Arrays are not naturally dynamic. An array has local scope, it is allocated on the function stack, and has to be passed into functions as an arguement, but it is passed as a pointer parameter. To dynamically allocate an array, use the 'new' function, than the array will be stored in 'heap' memory. This means that if the array is dynamically allocated in a called function, when the function terminates the memory on the heap will be reserved and can be passed safely back to the caller. On the other hand, if you define an automatic array in a function and try to pass it back to the caller, that memory will become unreserved because it was allocated on the function stack. When the function ends the stack memory is discared into the free store.
    Last edited by Witch_King; 08-17-2001 at 11:36 AM.
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  8. #8
    geek SilentStrike's Avatar
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    God forbid one uses standard classes, for if they must use a compiler that is 5 years old, they might not be supported.

    Code re-use should be encourged IMO. No need to reinvent the wheel.
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  9. #9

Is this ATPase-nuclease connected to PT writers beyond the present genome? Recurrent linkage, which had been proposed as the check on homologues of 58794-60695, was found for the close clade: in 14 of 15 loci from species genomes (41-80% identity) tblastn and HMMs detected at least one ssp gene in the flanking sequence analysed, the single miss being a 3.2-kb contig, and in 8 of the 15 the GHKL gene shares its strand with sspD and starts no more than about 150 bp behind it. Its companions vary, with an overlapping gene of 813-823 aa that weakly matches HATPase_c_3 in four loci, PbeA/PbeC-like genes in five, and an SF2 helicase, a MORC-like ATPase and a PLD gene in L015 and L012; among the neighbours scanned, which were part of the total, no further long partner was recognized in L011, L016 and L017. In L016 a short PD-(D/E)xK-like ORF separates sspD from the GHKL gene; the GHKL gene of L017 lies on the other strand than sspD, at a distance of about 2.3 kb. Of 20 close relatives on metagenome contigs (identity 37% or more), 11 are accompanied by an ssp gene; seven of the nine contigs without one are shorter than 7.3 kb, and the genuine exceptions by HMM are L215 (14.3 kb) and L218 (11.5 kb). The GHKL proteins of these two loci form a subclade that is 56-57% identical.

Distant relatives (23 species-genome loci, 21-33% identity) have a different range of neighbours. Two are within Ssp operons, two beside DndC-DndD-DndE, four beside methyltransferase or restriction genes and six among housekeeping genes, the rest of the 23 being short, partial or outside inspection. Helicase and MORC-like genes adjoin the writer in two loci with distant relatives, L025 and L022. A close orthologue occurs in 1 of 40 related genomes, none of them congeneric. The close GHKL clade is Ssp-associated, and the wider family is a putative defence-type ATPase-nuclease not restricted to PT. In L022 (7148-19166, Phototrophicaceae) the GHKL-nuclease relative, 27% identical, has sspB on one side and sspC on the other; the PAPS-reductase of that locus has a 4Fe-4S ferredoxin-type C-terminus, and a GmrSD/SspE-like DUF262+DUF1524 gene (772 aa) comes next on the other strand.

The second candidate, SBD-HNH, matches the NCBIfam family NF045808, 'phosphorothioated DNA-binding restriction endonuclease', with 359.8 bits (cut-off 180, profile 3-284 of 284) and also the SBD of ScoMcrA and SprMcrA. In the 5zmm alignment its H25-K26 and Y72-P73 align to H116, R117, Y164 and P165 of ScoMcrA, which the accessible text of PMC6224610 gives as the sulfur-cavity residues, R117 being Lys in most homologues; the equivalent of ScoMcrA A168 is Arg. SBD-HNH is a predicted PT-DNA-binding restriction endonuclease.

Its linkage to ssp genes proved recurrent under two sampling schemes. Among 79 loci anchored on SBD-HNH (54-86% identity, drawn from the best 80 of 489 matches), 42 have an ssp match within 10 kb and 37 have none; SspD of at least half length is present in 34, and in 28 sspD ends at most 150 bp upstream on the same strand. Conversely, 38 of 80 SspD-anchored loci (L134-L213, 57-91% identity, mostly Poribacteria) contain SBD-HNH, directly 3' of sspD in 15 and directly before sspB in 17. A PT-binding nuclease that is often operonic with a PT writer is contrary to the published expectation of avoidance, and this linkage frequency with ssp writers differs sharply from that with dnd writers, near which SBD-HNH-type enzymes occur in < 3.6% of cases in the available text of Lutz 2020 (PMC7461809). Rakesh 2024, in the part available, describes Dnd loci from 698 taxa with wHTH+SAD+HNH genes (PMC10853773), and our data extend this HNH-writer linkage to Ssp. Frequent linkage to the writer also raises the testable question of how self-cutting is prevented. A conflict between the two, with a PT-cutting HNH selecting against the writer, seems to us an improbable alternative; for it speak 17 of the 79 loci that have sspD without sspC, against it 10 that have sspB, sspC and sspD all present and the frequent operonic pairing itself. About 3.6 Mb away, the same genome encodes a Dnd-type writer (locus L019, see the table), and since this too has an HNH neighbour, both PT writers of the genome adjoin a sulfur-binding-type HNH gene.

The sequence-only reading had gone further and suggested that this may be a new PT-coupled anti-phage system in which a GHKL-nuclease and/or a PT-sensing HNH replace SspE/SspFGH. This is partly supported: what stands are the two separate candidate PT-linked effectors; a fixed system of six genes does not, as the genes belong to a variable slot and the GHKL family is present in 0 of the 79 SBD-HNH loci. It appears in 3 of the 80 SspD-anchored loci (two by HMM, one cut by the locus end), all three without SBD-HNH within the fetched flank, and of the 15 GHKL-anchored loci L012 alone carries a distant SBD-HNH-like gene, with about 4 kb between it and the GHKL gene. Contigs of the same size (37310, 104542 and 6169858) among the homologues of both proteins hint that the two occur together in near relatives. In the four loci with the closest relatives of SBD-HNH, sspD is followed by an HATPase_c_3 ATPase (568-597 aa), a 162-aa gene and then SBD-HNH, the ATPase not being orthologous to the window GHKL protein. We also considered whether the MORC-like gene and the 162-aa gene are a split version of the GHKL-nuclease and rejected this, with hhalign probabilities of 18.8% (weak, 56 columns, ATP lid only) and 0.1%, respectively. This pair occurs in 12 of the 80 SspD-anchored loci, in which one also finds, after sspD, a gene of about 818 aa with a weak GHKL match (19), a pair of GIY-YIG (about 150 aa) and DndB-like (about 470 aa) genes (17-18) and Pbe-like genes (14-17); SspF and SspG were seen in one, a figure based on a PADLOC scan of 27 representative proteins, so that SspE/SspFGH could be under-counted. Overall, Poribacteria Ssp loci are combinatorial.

Lowas
    Guest
    Use the vector class.
    Fooling around with different data structures like arrays and linked lists etc is very good for learning but when it's time to do something serious you should use what's in the standard library.

  10. #10
    Fingerstyle Guitarist taylorguitarman's Avatar
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    Lowas

    // And btw...a little example of using the vector class
    // and it's not hard to use either

    #include <iostream>
    #include <vector>

    using namespace std;

    int main()
    {
    vector<int> v;

    while ( 1 )
    {
    cout << "Enter a number (negative to quit)\n";
    int temp = 0;
    cin >> temp;
    if ( temp < 0 ) break;
    v.push_back(temp);
    }

    for ( int i = 0; i < v.size(); ++i )
    {
    cout << v[i] << ' ';
    }
    v.clear();
    return 0;
    }
    If a tree falls in the forest, and no one is around to see it, do the other trees make fun of it?

  11. #11
    Fingerstyle Guitarist taylorguitarman's Avatar
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    Hey somebody's posing as me....
    If a tree falls in the forest, and no one is around to see it, do the other trees make fun of it?

  12. #12
    Lowas
    Guest
    I don't know how that happend but I'm not taylorguitarman =P.

  13. #13
    Lowas
    Guest
    Probably a bug tayloyrman, I didn't post as you on purpose anyway.

  14. #14
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    Testing.

  15. #15
    Registered User Aran's Avatar
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    Well, when i tried to login a while ago i was mysteriously logged in already as someone who i wasn't.

    Also, when i tried to register, it logged me in as someone who i wasnt.

    Very strange, very strange indeed.